Tuesday 17 Jul 2018 | 17:39 | SYDNEY
Tuesday 17 Jul 2018 | 17:39 | SYDNEY

Leaky plumbing in Timor-Leste

31 October 2008 12:31

Guest blogger: Jim Della-Giacoma is an Associate Director at the Conflict Prevention and Peace Forum at the Social Science Research Council in New York City.

Reporting on Timor from Jakarta in the pre-internet mid-90s was a complex process involving many long-distance calls to excavate something close to the truth from what often began as a vague rumor on a foreign newswire. You might get some carefully chosen words from Timorese inside the country. And anything that went on the wire had to be crossed checked with  TNI-AD (army), POLRI (police), ICRC, the Vatican, and the Jakarta diplomatic community.

Not anymore. These days it feels like anything goes, with information overload for the non-resident foreign correspondent as well as curious locals, distant wonks, or governance voyeurs. You can easily read all about it, as the messy innards of Government of Timor-Leste and the UN Mission in Timor-Leste are laid out in the open for all to see on Wikileaks.

It is a somewhat odiferous tasting menu of some of the big issues facing the fledgling country, such as unresolved tensions between truth and reconciliation, security sector reform, the shooting of the head of state, policing, and managing the oil money as well as food security and stemming corruption. Recommendations from this smorgasbord would include:

  • The unreleased report of the Indonesia and Timor-Leste bilateral Commission for Truth and Friendship, Per Memoriam ad Spem, which puts to rest forever the claim that the TNI were not behind the pro-autonomy militia that rampaged throughout the country in 1999.
  • Force 2020 or the Strategic Blueprint for the Development of the Armed Forces of Timor-Leste 2005-2020, that shows the big ambitions of the small force.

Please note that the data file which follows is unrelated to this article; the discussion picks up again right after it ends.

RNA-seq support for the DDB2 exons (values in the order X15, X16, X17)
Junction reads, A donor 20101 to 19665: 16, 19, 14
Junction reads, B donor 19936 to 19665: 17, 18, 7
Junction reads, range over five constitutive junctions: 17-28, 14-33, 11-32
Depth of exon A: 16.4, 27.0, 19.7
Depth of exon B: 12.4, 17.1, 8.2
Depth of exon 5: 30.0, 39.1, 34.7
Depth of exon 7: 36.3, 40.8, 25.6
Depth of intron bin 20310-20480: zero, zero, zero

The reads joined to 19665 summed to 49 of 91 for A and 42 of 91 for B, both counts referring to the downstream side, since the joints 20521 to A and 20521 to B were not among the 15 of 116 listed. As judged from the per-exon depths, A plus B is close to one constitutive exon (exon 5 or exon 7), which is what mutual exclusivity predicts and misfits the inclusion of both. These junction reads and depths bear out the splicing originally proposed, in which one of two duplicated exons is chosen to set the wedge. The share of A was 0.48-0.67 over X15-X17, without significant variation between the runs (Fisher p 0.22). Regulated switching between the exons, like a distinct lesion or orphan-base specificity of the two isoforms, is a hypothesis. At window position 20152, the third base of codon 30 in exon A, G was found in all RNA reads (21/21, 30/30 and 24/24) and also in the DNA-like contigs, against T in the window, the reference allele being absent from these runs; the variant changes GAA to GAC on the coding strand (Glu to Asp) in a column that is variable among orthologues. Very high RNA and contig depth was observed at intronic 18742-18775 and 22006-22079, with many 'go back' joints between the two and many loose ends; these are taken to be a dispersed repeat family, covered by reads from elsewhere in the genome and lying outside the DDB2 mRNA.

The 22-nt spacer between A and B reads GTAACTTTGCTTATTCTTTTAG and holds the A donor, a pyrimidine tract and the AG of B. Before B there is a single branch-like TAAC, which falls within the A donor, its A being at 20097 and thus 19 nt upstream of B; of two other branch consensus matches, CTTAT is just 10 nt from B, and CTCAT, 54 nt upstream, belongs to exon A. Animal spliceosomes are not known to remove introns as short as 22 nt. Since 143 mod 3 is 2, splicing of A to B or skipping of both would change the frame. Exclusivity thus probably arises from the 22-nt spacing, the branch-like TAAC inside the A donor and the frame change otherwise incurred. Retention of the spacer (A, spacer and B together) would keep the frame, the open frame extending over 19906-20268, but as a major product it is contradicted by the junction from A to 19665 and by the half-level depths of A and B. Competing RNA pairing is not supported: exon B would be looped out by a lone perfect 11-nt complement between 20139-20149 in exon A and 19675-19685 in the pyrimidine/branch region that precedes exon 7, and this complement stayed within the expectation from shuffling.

• Documents relating to the shooting of President Jose Ramos-Horta, including an intelligence network diagram of all the calls made from the mobile of dead renegade soldier Alfredo Reinaldo, and even his autopsy report.
  • The UNMIT Internal Review Panel on the UN Actions in Response to the Attacks on the President and Prime Minister on 11 February 2008, which shows the UN Police response to the attack on the President was professional and prompt, but much less so with the attack on the Prime Minister.
  • A note prepared by the World Bank and the IMF, Timor-Leste Petroleum Fund: A Case for Caution, that warns Timor-Leste should be careful about overdrawing its Petroleum Fund, particularly when it has a poor record of spending only 55-60% of current budget.

With the internal coalition politics in Dili as well as those between the government and opposition increasingly fractious, the Timor-Leste Wikileaks page is sure to grow. Regular visits will be worthwhile to see and smell the murky puddles gathering under Timor-Leste’s less than watertight plumbing.